You may also need to authorize your computer if you have not done so already. Go to Store > Authorize This Computer to enter your Apple ID credentials.

Too Large File Size

There are limits on the maximum file size and length that iTunes can support. Very large video and audio files may fail to import properly.

Here are some of iTunes’ size restrictions:

  • Maximum file size: 4 GB
  • Maximum song length when importing: 2 hours
  • Maximum album length: 20 hours

To add an oversized file, you would first need to split it into smaller pieces under the limit. For example, a long concert video could be split into two files. There are tools available to split both audio and video files.

Incorrect File Location

By default, iTunes expects any files you add to be located inside the iTunes Media folder. This folder is usually located at:

  • Windows: C:\Users\Username\Music\iTunes\iTunes Media
  • Mac: /Users/Username/Music/iTunes/iTunes Media

If you try to directly add files that are outside of that folder, iTunes may fail to import them. To successfully add songs located elsewhere on your computer or external drives, you need to specify the correct file location.

When adding songs, rather than dragging them in directly, use the File > Add to Library > Add File to Library… menu option. This will let you navigate and select the files from other locations.

Permissions Issues

On Mac computers, system permissions could block iTunes from being able to read and import files.

If other apps have full access but iTunes does not, you may need to reset your permissions. To do this:

  1. Go to System Preferences > Security & Privacy > Privacy
  2. Select Full Disk Access
  3. Click the lock icon and enter your admin password
  4. Make sure iTunes is checked and has full disk access

You can also try temporarily disabling System Integrity Protection to test if that is causing a conflict. Follow these steps:

  1. Restart your Mac into Recovery Mode
  2. Launch Terminal from the Utilities menu
  3. Enter csrutil disable
  4. Restart your Mac normally
  5. Try importing into iTunes
  6. Re-enable SIP with csrutil enable after testing

Outdated iTunes Version

Another possibility is that you are running an outdated version of iTunes that has bugs or limitations around importing certain files.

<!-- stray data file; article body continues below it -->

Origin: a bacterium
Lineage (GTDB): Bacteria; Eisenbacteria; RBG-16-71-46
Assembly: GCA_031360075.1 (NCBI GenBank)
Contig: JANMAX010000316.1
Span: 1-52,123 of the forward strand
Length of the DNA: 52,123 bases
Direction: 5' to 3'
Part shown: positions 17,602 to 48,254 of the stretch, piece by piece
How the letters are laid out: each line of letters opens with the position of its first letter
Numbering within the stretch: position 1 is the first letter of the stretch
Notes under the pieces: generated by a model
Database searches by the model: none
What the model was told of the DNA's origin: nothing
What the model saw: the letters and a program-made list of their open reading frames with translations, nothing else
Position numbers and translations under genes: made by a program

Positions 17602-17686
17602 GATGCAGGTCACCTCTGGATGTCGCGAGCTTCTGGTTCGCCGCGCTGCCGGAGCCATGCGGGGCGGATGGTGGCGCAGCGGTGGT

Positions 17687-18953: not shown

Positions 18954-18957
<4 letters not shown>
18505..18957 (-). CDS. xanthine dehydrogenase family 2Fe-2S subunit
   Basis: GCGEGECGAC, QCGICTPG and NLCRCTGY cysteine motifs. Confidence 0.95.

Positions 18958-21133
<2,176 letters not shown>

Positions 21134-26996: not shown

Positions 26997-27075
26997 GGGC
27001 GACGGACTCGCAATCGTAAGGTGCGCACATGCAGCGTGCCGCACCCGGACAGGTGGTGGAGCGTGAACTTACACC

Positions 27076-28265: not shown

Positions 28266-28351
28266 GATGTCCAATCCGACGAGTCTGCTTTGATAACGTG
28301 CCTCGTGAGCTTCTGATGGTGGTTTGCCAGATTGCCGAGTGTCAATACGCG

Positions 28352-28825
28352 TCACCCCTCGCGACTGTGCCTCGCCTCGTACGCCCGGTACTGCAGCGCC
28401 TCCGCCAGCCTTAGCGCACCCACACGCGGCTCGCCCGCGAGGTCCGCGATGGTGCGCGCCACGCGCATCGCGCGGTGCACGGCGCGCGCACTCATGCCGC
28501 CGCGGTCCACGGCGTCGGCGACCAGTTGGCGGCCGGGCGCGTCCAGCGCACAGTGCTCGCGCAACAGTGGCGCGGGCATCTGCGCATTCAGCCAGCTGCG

Make sure you have installed the latest version of iTunes available from the Apple website or App Store. The newest version will have the best format compatibility and any bug fixes needed to properly add your songs.

If the issue appeared after an iTunes update, you can also try downgrading to a previous version that was working properly. Just be aware that older versions may become incompatible or insecure over time.

Steps to Troubleshoot Issues Adding Songs to iTunes

To summarize, try the following steps when troubleshooting an issue adding songs to iTunes:

  1. Check for DRM restrictions and remove if possible
  2. Convert to a compatible format (MP3, AAC, etc)
  3. Validate the file integrity and scan for corruption
  4. Inspect metadata tags and correct any invalid data
  5. Clean and inspect CDs before ripping audio
  6. Disable security features blocking imports
  7. Split large files that exceed size limits
  8. Add files directly rather than dragging if not in iTunes folder
  9. Confirm iTunes has proper disk permissions (Mac only)
  10. Update to the newest version of iTunes

Following this structured approach and ruling out each potential cause methodically should help resolve problems adding songs in most cases. But if you still cannot get a particular song into iTunes after trying everything, it may unfortunately not be technically possible, and you’ll have to just listen to it through another player.


While iTunes aims to support importing a wide range of audio file formats and CD tracks, there are times when a specific song or album will refuse to be added to your library. DRM restrictions, incompatible formats, metadata issues, file corruption, size limits and permission problems are just some of the common reasons.

To have the best chance of successfully importing songs, it is recommended to:

  • Purchase DRM-free file formats when possible
  • Convert files to MP3/AAC/Apple Lossless before adding to iTunes
  • Clean and repair any damaged or corrupted files
  • Carefully organize metadata information
  • Avoid very lengthy or oversized files
  • Keep your iTunes updated and authorized

Following troubleshooting steps like checking permissions, validating file locations, and splitting large tracks can also help get stubborn songs into your library. But in rare cases, a file may simply be incompatible or too damaged to work with iTunes. Maintaining your music collection properly formatted and error-free will give you the fewest headaches adding songs over time.